A novel of art and politics but also of bikes and speed—not Harleys and drugs, but fine (and fast) Italian motorbikes.
At 21, Reno (who goes by the name of the city she comes from) has graduated with a degree in art from the University of Nevada-Reno, and she does what any aspiring artist would like to—heads to New York City. She gets her kicks by riding a Moto Valera, a magnificent example of Italian engineering. In fact, for one brief shining moment in 1976, she sets a speed record of 308.506 mph on her bike at the Bonneville Salt Flats in Utah. This impressive achievement occurs the year after she’d headed to New York, where she’d taken up with—amazing coincidence—Sandro Valera, scion of the Italian manufacturer of the motorbikes she favors and, like Reno, an aspiring artist in New York. Other coincidences abound—for example, that Reno had had sex with a young man, and they’d agreed not to exchange names, but shortly afterward she finds out he’s a close friend of Sandro’s, and he goes on to play a major role in her life. Kushner spends a considerable amount of time flashing us back to the Valera who founded the firm in the early 20th century, and she updates the fate of the company when Reno and Sandro visit his family home in Italy. There they experience both a huge demonstration and eventually the kidnapping of Sandro’s father, a victim of the political turbulence of the 1970s.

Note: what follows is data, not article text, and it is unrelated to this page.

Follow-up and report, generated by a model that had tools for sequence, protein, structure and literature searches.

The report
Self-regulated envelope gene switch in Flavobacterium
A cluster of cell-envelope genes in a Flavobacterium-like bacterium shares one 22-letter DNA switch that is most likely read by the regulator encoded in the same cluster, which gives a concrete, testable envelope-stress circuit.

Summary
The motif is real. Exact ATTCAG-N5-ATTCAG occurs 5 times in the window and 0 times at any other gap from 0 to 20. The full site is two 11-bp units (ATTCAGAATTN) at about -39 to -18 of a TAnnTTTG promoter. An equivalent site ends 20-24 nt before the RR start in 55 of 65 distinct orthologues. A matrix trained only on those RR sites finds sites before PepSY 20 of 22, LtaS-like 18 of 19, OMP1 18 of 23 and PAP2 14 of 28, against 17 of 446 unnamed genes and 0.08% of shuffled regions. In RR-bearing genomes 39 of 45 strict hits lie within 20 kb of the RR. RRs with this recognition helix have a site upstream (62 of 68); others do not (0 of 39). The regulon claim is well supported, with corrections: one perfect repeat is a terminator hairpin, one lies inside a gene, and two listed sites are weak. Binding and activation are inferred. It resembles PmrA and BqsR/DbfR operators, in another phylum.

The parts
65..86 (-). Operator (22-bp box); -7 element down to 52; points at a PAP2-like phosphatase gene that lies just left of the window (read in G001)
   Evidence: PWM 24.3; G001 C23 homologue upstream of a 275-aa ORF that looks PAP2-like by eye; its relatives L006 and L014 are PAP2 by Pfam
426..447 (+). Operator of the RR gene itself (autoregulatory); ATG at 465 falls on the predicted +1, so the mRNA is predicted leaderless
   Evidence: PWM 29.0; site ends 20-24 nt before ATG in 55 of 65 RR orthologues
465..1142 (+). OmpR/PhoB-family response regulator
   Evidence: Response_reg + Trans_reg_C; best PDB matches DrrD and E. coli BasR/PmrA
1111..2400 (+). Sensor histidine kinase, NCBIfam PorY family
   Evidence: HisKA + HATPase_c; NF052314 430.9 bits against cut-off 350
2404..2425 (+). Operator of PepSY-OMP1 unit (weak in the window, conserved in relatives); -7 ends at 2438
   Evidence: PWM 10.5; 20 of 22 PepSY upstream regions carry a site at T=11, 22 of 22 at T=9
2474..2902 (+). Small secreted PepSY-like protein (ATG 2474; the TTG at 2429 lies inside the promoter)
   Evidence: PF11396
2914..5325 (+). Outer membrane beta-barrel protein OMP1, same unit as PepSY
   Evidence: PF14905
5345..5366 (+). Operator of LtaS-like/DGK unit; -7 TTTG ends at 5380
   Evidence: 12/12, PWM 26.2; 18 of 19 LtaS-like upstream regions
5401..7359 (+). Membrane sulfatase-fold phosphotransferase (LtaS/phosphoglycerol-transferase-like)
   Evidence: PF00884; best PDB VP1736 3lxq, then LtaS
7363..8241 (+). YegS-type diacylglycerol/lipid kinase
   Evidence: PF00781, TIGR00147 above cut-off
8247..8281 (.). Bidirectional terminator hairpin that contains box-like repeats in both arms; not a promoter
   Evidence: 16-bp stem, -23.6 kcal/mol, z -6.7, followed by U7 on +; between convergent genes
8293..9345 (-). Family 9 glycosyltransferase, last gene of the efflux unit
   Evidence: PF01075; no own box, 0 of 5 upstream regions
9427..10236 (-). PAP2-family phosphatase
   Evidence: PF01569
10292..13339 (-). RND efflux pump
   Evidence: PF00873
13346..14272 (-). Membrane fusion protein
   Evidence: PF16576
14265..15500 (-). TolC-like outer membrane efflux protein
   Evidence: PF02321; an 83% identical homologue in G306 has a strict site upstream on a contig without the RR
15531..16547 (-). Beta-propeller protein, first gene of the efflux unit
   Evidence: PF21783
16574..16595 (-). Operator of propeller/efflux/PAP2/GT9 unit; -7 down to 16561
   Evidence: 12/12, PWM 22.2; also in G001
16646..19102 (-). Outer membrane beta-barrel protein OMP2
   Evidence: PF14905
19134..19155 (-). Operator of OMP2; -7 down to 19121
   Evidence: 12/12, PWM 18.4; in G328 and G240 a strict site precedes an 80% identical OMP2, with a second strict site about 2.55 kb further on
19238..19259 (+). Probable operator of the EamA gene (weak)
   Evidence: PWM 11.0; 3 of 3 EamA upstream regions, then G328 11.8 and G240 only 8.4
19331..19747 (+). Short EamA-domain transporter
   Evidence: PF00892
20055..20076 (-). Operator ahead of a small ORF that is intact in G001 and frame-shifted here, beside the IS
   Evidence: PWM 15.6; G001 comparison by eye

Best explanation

Kushner writes well and plunges us deeply into the disparate worlds of the New York City art scene, European political radicalism and the exhilarating rush of motorcycles.